My 9yo daughter is now a fluent reader but we still enjoying sharing a good book together at bedtime and with her favourite animal being a wolf we were both looking forward to The Wolf Wilder. We weren't disappointed, this is a book that deserves to become a classic. It is exciting, beautifully descriptive, witty and never patronises its young audience. Feo is a wonderful protagonist, socially awkward, self deprecating yet honourable, brave and able to inspire revolution. The villain, General Rakov isn't a pantomime baddie, he is a sadistic and a genuinely chilling character. Katherine Rundell doesn't shy away from describing brutality nor death but never becomes gratuitous instead creating a tense, often dark but ultimately a very hopeful tale. The wolves themselves are of course the real heart of the story, they are neither the fairytale big bad wolves nor anthropomorphic pets. Although they have a strong relationship with Feo, and to a lesser extent with her friend, Ilya, the reader is left in no doubt that she is a part of their pack rather than their owner.
 Towards the end of the book Feo makes a stirring speech that in these troubled times feels more vital than ever, perhaps particularly so for children;
"But he's always been blind: he doesn't see the facts. The fact that there are more of us than there are of him. The fact that fire in your soul beats fire on the ground. The fact that love always beats fear."
I loved The Wolf Wilder but more importantly so did my daughter, in fact she has elevated it to the heady heights of her "best book ever!" I asked her what she particularly liked about it,
"I liked that the main character was a girl who was strong and brave, and even though she needed help from friends she wasn't weak. Her friends were amazed by what she could do. I don't want to read stories with girls always having to be the ones rescued but I don't want the boys being weak either. I like adventures where they work together. I also liked that the wolves were loyal but couldn't be controlled and were still wild. Also even though Rakov was really evil and did terrible things he inspired bravery in others. I think that's a really good message."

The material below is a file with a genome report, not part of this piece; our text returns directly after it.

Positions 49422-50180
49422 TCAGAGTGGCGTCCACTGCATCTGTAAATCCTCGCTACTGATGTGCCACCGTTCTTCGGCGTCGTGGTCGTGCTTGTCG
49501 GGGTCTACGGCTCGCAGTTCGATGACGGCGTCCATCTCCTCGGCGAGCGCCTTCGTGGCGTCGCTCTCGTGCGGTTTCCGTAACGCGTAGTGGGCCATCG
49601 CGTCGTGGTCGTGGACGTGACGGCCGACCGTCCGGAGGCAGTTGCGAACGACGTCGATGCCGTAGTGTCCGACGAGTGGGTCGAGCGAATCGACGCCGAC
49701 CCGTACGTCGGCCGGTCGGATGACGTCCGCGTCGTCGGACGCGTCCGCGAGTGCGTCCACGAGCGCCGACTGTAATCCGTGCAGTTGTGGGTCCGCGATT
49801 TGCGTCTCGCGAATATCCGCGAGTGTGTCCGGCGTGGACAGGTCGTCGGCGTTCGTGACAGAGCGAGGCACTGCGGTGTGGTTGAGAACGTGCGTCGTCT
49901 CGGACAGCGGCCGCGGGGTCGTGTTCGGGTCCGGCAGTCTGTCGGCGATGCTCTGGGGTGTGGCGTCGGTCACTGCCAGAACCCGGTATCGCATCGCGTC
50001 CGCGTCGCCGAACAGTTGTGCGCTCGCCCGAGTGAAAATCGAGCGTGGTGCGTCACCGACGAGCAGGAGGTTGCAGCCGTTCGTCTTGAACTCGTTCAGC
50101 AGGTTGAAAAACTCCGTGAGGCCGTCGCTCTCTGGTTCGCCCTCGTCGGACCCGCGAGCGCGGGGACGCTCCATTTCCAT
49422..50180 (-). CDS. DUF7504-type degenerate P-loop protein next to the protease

The Wolf Wilder is published in the UK by Bloomsbury


Wednesday, 1 February 2017

Book Review - Holding by Graham Norton



The remote Irish village of Duneen has known little drama; and yet its inhabitants are troubled. Sergeant PJ Collins hasn't always been this overweight; mother of­ two Brid Riordan hasn't always been an alcoholic; and elegant Evelyn Ross hasn't always felt that her life was a total waste.

So when human remains are discovered on an old farm, suspected to be that of Tommy Burke - a former­ love of both Brid and Evelyn - the village's dark past begins to unravel. As the frustrated PJ struggles to solve a genuine case for the first time in his life, he unearths a community's worth of anger and resentments, secrets and regret.

Darkly comic, touching and at times profoundly sad. Graham Norton employs his acerbic wit to breathe life into a host of loveable characters, and explore - with searing honesty - the complexities and contradictions that make us human. 

Graham Norton's masterful debut is an intelligently crafted story of love, secrets and loss.

First things first, yes this is the Graham Norton, host of Eurovision and his eponymous chat show and bringer of life to Father Noel Furlong. Now I'm not generally drawn to celebrity penned novels but the description of Holding sounded exactly the sort of book I enjoy and eschewing a book because its writer is a celebrity is as ridiculous as choosing it for that reason.
And I'm very glad I did! Holding isn't a game changer but it is a well written, observant and warm novel. It does feel a little anachronistic, despite being set in the present it isn't a gritty, modern thriller, it's more gently paced and brought to mind the sort of Sunday night crime dramas that families can sit down to together - Midsomer Murders Irish style perhaps...? However, it doesn't shy away from the darker side of life despite not being brutally realistic. The characters, perhaps unsurprisingly, are what drive the novel. PJ Collins, in particular is the heart of the story, an outsider but not in the exciting, dangerous sense. PJ is overweight, dissatisfied in his career and often socially awkward. However, he is also immensely likeable, a warm and empathetic character who serves as our eyes into this seemingly quiet community that actually hides dark secrets and regrets. A sense of dissatisfaction and disappointment runs through the book, this is a very human story, although a murder may have occurred it's really more about life and the decisions people make, rightly or wrongly. It is occasionally over descriptive and as I say isn't a game changer but it is a warm and enjoyable slice of small town life with a satisfying mystery that kept me guessing for the most part. An assured debut then and I hope Norton writes more, particularly if it means we have more Sergeant Collins.

Holding is published in the UK by Hodder & Stoughton. Thank you for my copy received through NetGalley in return for my review.